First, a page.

Kings, N. Fork - Dinkey Creek to Main Kings Confluence


Kings, N. Fork, California, US

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Dinkey Creek to Main Kings Confluence

Usual Difficulty V (for normal flows)
Length 3 Miles
Avg. Gradient 90 fpm

NF Kings- Red Rock


NF Kings- Red Rock
Photo taken 04/04/04 @ 500

Gauge Information

Name Range Difficulty Updated Level
NF KINGS RIVER BLW DINKEY CREEK
cdec-NKD 250 - 3000 cfs V 02h03m 718 cfs (running)


River Description

This is a pretty run with many bedrock drops, especially in the upper half. It has a long and dependable season from mid winter to memorial weekend or even mid June. Kayakers will sometimes run the NF at very low flows early in the winter before other runs in the area get going. Large winter rain storms will often bring the NF up to medium or even high runnable levels.

Normally all the water in this reach is supplied by Dinkey Creek, so most years flows may not go above 600 to 1,000 cfs.. In big years, Dinkey gets bigger and upstream dams on the N. Fork spill, so flows can climb to 2,000 or 3,000 cfs. Above 2,000 cfs the run is huge, with monstrous ledge holes. It is still mostly runnable but some of the lines are pretty sneaky over shallows, or worse, insanely narrow in the midst of the killer holes.

Most of the rapids are visible from the road, but a few are hidden by trees. Everything is scoutable or portagable at river level.

Last few hundred yards above the confluence with the main Kings was the site of the 1972 west coast Olympic slalom trials. This channel is an excellent technical slalom course even without gates and is worth a look by intermediate boaters not interested in the upstream class 5 rapids.

Every group seems to come up with their own names for rapids, but a few seem worth passing on. Driving upstream from the main Kings, the NF runs straight then bends sharply east. The rapids in this straight section are easy, but "Rock Pile" (4+) hides in the corner. A nice class 4ish rapid ends at the gauge in the middle of the straight section going east (driving upstream). "Red Rocks" is the obvious reddish ledge rapid where the river bends north again. "Three ledges" is an obvious name for the next big drop upstream. "Dewell's Demise" and "Furrow's Filet" are local names for the big drops continuing upstream. Chuck Stanley wrote about getting stuck in "Chuck's Leap" but I have never figured out for sure which rapid that might be since there are several reasonable candidates that will hold boats or swimmers. If your group has different names or additional names please  write a comment in the comment tab.

Shortly into the run watch for a large oddly textured boulder on river right. It marks an 8 foot waterfall (perhaps Chuck's Leap) which is not visible from the road. Also in this section look for the steel bridge wrapped around a boulder. It was trying to make a highwater descent of this reach one year but just did not have the skills to pull it off unscathed. It should be a lesson to all of us.

This section of the N. Fork is often boated in combination with the short Dinkey Creek Balch Camp section, just upstream. The NF flows into the class 3 Main Kings: Banzai section so groups with both experts and intermediate boaters can camp together while paddling different sections. The Balch Afterbay section is also nearby. It often has boatable flows for a few weeks in January and sometimes in the spring.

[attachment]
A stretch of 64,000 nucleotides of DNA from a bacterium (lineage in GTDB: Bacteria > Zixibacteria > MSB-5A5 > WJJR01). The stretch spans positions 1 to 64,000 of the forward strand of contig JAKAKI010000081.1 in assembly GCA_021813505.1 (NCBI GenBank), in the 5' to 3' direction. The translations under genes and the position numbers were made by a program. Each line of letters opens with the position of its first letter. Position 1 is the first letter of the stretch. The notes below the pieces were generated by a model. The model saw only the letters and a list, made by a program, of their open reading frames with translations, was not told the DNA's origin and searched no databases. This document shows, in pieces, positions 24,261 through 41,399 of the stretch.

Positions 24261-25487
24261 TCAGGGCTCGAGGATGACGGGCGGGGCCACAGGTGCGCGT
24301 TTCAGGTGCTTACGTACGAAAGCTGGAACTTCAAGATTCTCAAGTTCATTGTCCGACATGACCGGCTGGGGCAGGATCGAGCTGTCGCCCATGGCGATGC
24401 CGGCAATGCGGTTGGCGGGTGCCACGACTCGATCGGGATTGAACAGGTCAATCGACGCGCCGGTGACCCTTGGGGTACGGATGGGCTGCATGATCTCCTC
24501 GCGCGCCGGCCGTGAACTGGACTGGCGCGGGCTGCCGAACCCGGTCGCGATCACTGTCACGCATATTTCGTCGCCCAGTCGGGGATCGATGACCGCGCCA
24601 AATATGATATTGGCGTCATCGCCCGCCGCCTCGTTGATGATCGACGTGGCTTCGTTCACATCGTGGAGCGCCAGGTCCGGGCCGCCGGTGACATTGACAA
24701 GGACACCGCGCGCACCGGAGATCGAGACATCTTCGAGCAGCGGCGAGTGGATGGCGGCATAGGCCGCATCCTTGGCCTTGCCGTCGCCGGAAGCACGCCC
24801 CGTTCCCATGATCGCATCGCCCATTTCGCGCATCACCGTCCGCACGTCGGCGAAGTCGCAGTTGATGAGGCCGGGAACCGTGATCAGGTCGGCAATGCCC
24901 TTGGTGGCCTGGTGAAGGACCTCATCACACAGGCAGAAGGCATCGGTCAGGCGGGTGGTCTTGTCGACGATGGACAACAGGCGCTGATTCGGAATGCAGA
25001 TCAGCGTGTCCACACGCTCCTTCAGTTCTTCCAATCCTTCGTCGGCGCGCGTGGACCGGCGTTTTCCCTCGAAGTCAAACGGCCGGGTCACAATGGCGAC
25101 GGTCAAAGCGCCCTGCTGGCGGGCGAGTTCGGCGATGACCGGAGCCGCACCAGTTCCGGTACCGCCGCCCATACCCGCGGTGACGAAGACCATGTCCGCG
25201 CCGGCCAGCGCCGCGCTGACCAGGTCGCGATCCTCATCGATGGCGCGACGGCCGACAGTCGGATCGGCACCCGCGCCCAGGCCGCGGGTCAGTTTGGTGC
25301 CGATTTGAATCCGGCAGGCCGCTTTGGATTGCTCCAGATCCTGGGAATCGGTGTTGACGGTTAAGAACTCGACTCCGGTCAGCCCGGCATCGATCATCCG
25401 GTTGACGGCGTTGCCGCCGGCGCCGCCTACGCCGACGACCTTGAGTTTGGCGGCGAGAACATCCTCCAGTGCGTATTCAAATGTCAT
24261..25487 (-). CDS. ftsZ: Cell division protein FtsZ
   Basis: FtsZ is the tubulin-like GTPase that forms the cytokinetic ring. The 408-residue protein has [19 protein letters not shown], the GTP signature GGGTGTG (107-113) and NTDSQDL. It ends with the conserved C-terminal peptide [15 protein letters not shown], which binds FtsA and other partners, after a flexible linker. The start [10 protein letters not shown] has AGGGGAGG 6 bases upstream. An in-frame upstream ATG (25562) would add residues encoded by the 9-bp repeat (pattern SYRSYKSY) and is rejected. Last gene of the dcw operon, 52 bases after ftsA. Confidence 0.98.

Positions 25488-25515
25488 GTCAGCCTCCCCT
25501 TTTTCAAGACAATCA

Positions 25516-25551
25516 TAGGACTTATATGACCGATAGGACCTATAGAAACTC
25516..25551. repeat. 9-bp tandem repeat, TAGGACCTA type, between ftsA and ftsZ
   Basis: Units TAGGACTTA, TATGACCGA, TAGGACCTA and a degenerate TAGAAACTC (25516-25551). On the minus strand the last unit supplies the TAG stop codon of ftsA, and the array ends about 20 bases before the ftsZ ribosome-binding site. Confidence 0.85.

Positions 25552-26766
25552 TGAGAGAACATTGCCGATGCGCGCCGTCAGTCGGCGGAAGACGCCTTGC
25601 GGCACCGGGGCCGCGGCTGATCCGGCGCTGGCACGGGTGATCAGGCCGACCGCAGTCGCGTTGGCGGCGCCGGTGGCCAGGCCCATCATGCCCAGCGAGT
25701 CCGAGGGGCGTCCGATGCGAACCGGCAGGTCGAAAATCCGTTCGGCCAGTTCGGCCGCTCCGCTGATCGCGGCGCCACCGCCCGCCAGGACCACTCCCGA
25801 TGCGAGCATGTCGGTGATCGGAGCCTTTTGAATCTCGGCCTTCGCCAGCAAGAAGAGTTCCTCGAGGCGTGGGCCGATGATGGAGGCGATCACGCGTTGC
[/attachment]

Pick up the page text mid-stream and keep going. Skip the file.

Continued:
Getting There: From Fresno take freeway 180 east, to its end, jog to Belmont Avenue and continue east. Belmont will curve and become Trimmer Springs Rd. Stay on Trimmer springs road all the way around Pine Flat Reservoir. As you go around the reservoir you will pass several marinas, and cross bridges over large two inlets formed by Sycamore Creek and then Big Creek. Eventually you will reach the Kings River and you will go past the Kings River Powerhouse with its large pipe carrying most of the water from the N. Fork Kings. Continue past Kirch Flat Campground, cross a concrete bridge to the south side of the river, then cross the noisy steel Bailey Bridge back to the north side of the river. Stay on the paved road going left at this bridge. In 100 yards you will reach the canyon of the N. Fork Kings.

Take out: You can leave a car at the NF and main confluence or downstream anywhere along the main Kings.  google map.

Put-in:Continue 3 miles along the paved road and you will reach Balch Camp, a PG&E residential camp for workers who run the nearby powerhouses and dams. You can park before you cross a bridge and carry a short ways along the river left to the nice pool at the confluence with Dinkey Creek. There are nice flat slabs on the left side of this pool. Alternatively drive across the first bridge then turn left down into a clearing between Dinkey and the NF. This gives a much shorter carry but more awkward put in. google map.

 
 
 



Local Clubs:
For more information on this and other local paddling areas, contact these local clubs: SJPaddlers, NEW Kayak Club, or Gold Country Paddlers.

Online:
You can get more information from California's Whitewater Community at boof.com.

FERC information:
The Balch Project, #175, licensed 4/18/1980 to 4/30/2026
Haas-Kings River Project, #1988 , licensed 3/6/2001 till 2/28/2041

 

 

 


StreamTeam Status: Not Verified
Last Updated: 2009-12-01 05:13:05

Editors


Rapid Summary

Mile Rapid Name Class Features (Legend)
0.0Balch CampN/APutin Photo
0.5Chuck's LeapIV+Waterfall
0.6Wrapped Bridge - Goal PostIV+Photo
0.9Furrow's Filet5.0
1.2Dewell's Demise5.0
1.3Three LedgesIV+Hazard Photo
1.7Red RocksIV+Photo
2.0gauging station